Welcome to The Kids From Fame Media Blog

I'm Mark & I've Been a Fame fan since 1982. This blog is dedicated to the incredibly talented cast of the show and is a place to share music, videos and pictures. To contact me please send emails to: mark1814uk@googlemail.com

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Tuesday, 19 June 2012

Fame News Holiday Break!

I hope everyone had a good 30th anniversary on Sunday. There were certainly lots of comments and messages flying backwards and forwards on Facebook so that was interesting. I also hoped people were able to re-watch "Metamorphosis" on Sunday too. 

I intended to watch each episode of the first season on it's 30th Anniversary so have put the next 2 episodes at the end of this post ready for the next 2 Sundays as we are now away on holiday for the next few weeks. 

Kids From Fame Media will return for all new posts starting on Monday July 2nd.


Happy Birthday in Advance to Erica Gimpel who will 48 on June 25th.

Best Wishes,

Mark.





Doris Schwartz Time and Again Season 3 Episode 2


Season 3 of my fan fiction story "Doris Schwartz Time and Again" contiues with Episode 2 titled "Pick Up The Broken Pieces Part 2". The title comes from the season 4 song "Broken Pieces".

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Controversy



The Dance Class perform to an Instrumental version of Controversy by Prince in the season 1 episode "Come One Come All".

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Download 12 inch MP3






Do The Gimme That - Pr Paul & Valerie Landsburg

"Do The Gimme That" comes from the season 1 episode "A Musical Bridge". Performed by Valerie Landsburg and PR Paul, it is Written by Sue Sheridan and Barry Fasman.

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Get Down Shorofsky Instrumental

This instrumental music comes from the season 1 episode "A Musical Bridge". I'm not sure what it's called so I refer to it as "Get Down Shorofsky.

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Sing, Sing, Sing - Instrumental


"Sing, Sing, Sing" is an instrumental dance track that comes from the season 1 episode "Come One Come All". Written by Louis Prima this was arranged by Fame composer William Goldstein.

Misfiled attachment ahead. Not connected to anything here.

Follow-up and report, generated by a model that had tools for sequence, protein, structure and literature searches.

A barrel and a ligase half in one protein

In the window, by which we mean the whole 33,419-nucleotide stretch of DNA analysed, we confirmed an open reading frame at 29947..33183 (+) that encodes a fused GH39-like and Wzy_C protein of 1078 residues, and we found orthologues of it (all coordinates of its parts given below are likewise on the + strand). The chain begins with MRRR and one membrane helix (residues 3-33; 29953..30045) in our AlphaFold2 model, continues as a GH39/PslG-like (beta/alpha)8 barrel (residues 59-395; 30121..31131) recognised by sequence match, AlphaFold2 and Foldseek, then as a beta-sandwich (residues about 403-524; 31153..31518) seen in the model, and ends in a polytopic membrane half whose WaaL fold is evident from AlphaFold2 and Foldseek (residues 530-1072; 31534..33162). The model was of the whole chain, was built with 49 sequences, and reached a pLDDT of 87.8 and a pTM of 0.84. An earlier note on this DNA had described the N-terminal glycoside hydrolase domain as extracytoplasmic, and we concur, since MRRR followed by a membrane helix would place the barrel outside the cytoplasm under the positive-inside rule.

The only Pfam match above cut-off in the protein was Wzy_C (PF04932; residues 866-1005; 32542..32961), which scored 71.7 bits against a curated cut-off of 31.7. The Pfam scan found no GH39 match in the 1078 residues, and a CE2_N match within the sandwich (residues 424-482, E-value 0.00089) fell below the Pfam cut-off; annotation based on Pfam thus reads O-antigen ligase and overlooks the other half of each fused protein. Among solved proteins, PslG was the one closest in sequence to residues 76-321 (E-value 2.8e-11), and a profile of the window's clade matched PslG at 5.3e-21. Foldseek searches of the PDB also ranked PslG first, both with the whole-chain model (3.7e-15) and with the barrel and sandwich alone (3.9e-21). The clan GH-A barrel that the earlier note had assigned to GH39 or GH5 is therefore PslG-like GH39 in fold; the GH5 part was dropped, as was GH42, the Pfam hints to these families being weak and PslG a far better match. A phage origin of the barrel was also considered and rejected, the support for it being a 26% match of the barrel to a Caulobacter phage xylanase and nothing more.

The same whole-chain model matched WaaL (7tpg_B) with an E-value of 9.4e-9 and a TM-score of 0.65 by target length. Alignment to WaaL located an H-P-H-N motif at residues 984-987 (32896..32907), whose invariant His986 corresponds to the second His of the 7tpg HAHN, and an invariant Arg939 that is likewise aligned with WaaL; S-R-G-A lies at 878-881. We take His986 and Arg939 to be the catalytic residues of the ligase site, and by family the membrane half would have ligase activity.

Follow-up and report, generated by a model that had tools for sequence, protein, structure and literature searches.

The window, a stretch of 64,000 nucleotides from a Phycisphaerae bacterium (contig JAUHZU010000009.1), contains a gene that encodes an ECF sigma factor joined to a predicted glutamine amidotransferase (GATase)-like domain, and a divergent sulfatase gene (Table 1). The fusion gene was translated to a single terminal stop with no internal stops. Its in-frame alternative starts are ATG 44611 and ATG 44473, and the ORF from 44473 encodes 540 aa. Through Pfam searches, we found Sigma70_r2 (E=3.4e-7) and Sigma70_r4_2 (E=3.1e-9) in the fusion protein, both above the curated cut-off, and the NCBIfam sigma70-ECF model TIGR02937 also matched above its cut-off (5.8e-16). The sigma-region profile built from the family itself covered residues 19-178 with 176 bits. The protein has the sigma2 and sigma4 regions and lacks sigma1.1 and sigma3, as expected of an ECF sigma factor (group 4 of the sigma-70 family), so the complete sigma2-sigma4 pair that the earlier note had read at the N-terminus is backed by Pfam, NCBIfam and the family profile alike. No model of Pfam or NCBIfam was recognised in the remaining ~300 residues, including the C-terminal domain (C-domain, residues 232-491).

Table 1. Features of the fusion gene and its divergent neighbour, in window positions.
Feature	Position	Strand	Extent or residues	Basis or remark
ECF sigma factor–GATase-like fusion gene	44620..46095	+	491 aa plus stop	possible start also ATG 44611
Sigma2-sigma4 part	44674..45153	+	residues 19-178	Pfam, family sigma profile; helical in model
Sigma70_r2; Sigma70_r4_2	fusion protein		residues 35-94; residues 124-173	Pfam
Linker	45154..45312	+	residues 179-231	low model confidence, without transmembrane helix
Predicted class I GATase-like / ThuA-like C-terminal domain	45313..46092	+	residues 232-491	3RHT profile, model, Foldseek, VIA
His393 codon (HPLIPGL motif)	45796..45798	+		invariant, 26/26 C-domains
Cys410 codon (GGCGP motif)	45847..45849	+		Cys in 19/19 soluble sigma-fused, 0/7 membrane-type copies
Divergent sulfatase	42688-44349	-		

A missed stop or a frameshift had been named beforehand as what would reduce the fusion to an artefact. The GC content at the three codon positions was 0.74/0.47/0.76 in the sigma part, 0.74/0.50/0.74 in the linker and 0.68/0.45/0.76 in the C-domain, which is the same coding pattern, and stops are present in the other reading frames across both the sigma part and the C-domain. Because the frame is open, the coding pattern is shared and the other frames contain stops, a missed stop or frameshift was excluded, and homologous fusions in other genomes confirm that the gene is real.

Sho Sho Sho Shorofsky - Lee Curreri



"Sho Sho Sho Shorofsky" comes from the Season 1 episode "A Musical Bridge" written by Lee Curreri with Steve Sperry, it is performed by Lee.

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Usually in the Italian dubbed versions of the Fame episodes the songs were sung in English. However, in the Season 1 episode "A Musical Bridge" the first time "Sho Sho Sho Shorofsky" was performed it was dubbed into Italian to give the audience a better understanding of what Bruno was singing about.

Thanks to Michele for the video and for the translation back to English.






Download Italian MP3 

Evolution of Dance

Evolution of Dance comes from the seaosn 1 episode "Come One Come All"

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Monday, 18 June 2012

Fame 30th Anniversary Review


Fame 30th Anniversary Review:

Having reviewed “Metamorphosis” a number of times in the past I decided to come at things from a slightly different angle.

I recently bought the first season DVD for a friend, who eventually watched all the episodes, but commented that he found it a little dated!
I was surprised to hear that because personally I think “Fame” has aged very well. There are other older shows that I find dated but "Fame" has never been one of them. I love the 80s period so maybe I’m just biased. So that got me thinking what the show would be like if it was being made now and how different it would be.
Firstly, I did think the cast would probably be thinner and far more glamorous. No offence to any of the cast I just think that's what TV companies are looking for. Also I’m suspecting that characters like Shorofsky and Mrs Berg would actually appear younger as the producers would no doubt feel that the audience wouldn't relate to older people!


Then of course the show would actually be shorter by 5 to 7 minutes so we could fit in far more adverts! This means we'd have no opening titles to get us in the mood for the show and no Lydia's "You Want Fame" Speech each week! So far I'm not liking a modern version, give me so called dated, every time! 
The main difference I think would be, everyone would be obsessed with technology and mobile (Cell) phones would be in abundance. I can just imagine the scene in Sherwood’s English Class with student’s phones constantly going off. “I said Silence!”
I’m sure there would be some fun to be had with Shorofsky continually protesting about how much he hates the damn phones! Also Mrs Berg struggling to send a text or get to grips with a phone could be hilarious!
At least technology would make things easier for Bruno and his family, with no more having to lug large synthesizers around as everything would be much smaller and he’d probably have everything on a lap top!